Think twice before breeding pets

Published 7:00 am Saturday, April 20, 2019

By Nancy Templet Saucier


So, you think it would be cool to breed your dog or cat. So much fun to have all those cute little fluffy babies and see the miracle of birth. Truth is, the world is overrun with those fluffy babies who end up in shelters or dying from lack of care.

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Here’s a checklist to help you decide if breeding your pet is a good idea. If you answer “no” to any of these, then it’s to spay and neuter your animals.

Can you afford to have your pet checked out by a vet before breeding to make sure they are healthy enough? Remember, both members of the breeding pair need to be in good health before reproducing.

Do you have a place that’s clean, dry and protected from the weather and from other animals where your pet can birth and raise its young?

Can you afford to take your animal to the vet – maybe on a weekend or in the middle of the night, when the fees are through the roof – just in case a pup or kitten gets stuck during labor?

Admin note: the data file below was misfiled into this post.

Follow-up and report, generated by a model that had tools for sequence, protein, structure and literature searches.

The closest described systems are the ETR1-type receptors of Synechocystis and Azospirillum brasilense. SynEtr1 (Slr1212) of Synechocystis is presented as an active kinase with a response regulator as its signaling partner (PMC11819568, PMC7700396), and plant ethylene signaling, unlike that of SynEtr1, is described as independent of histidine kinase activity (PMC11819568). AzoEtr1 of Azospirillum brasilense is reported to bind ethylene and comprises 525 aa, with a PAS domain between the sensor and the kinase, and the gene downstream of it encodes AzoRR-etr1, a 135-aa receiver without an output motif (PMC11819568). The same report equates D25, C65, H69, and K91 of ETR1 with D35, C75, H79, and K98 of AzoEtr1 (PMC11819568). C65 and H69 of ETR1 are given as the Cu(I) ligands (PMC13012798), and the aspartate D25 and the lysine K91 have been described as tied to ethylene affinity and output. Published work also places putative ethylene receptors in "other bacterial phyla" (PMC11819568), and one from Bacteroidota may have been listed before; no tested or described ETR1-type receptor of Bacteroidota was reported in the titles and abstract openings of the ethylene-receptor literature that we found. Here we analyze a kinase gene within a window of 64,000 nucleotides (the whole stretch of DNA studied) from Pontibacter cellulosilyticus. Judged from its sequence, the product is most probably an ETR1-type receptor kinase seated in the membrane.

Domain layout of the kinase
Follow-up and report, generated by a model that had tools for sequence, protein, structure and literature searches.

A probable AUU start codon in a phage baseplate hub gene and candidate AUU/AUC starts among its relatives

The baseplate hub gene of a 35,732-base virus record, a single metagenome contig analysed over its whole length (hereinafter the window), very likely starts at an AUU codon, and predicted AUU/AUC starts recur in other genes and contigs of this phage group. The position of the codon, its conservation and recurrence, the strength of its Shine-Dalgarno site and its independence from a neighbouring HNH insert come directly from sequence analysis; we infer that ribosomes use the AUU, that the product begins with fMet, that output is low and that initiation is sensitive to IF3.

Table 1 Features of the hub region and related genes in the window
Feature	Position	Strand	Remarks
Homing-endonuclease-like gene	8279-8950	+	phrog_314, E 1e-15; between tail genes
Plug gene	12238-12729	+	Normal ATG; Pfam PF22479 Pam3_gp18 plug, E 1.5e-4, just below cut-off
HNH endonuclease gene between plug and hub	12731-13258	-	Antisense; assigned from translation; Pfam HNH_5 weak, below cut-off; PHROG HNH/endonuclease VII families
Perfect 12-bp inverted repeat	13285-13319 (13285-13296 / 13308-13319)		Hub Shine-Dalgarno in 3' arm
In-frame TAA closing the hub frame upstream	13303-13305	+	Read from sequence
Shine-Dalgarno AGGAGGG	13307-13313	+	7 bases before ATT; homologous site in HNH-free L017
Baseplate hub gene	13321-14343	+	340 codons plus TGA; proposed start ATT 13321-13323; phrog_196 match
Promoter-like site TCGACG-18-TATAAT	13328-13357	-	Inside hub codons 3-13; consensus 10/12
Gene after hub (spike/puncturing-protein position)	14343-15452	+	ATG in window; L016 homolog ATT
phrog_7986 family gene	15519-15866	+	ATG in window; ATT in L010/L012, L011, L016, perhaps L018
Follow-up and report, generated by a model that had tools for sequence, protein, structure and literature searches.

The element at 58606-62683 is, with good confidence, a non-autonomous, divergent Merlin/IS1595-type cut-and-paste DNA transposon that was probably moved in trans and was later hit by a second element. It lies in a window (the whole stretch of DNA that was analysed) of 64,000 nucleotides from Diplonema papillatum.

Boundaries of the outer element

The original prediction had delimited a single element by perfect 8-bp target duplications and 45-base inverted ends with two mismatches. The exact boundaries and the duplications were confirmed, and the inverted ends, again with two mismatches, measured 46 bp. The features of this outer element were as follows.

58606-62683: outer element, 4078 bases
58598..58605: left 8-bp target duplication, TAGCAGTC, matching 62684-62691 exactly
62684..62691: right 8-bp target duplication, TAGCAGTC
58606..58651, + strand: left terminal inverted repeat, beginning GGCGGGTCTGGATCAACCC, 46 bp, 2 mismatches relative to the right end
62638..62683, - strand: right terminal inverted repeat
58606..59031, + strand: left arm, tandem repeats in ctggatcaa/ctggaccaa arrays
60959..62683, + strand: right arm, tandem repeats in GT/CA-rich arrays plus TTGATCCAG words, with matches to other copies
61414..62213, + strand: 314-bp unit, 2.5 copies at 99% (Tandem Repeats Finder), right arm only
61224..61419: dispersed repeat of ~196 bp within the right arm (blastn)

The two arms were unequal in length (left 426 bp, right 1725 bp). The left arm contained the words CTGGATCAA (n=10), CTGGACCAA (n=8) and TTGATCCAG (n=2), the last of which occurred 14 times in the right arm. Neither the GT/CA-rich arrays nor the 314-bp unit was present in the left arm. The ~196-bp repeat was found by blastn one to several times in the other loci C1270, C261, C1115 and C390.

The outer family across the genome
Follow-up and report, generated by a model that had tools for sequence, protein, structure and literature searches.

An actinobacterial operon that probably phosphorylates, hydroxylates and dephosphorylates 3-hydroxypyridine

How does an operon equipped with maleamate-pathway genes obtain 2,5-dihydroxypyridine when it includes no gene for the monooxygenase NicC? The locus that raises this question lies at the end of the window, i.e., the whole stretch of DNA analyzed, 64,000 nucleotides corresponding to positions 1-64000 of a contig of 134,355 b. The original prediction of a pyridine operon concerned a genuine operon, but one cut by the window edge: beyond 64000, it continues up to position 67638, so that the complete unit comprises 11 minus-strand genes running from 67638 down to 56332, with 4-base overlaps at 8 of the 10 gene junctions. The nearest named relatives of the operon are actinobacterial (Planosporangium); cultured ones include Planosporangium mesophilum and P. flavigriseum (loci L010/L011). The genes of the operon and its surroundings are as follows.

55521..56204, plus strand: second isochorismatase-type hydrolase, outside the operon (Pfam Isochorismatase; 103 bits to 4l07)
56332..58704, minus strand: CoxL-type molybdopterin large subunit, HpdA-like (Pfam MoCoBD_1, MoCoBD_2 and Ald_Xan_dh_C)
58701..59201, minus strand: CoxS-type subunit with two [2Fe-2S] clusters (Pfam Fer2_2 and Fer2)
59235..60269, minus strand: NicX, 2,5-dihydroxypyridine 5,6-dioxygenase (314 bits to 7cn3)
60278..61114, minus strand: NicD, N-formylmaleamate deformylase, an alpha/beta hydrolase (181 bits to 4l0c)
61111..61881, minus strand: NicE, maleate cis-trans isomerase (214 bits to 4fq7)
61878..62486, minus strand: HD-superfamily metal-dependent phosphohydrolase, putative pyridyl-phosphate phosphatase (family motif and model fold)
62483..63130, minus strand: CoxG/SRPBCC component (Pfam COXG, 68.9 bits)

If your mama dog or cat gets sick and dies or just refuses to nurse her babies, are you prepared to spend a ton of money on specialized formula and are you going to be available to feed those newborns every 2 hours – day and night for the first couple of weeks? Doing this with just a couple of babies is exhausting, I can tell you from experience. You’ll probably have 6 or 8 or more. You better have a family member or a really good friend lined up to help, because it’s more than one person can handle. If you have a job where you’re working 8 hours or longer, your babies are not going to make it. If you’re lucky, you catch an hour’s sleep and it’s time to do it all again.

Can you afford the medicines your babies are going to need? Necessary vaccines includes those against distemper, parvo and heartworms, to name a few, that ensure they’re going to survive and be healthy.

Are you going to be able to find good homes for all the babies when they are weened?

Intentionally or unintentionally breeding a pet is a commitment. It’s not ok to just breed and let Mother Nature sort it out. If your answer to addressing any of these potential problems is to dump kittens and puppies off at the nearest shelter, then shame on you.

Please spay and neuter your pets. It’s best for their health and well-being. Allowing your animal to breed is not better for their health, mental or physical. Be a responsible pet owner.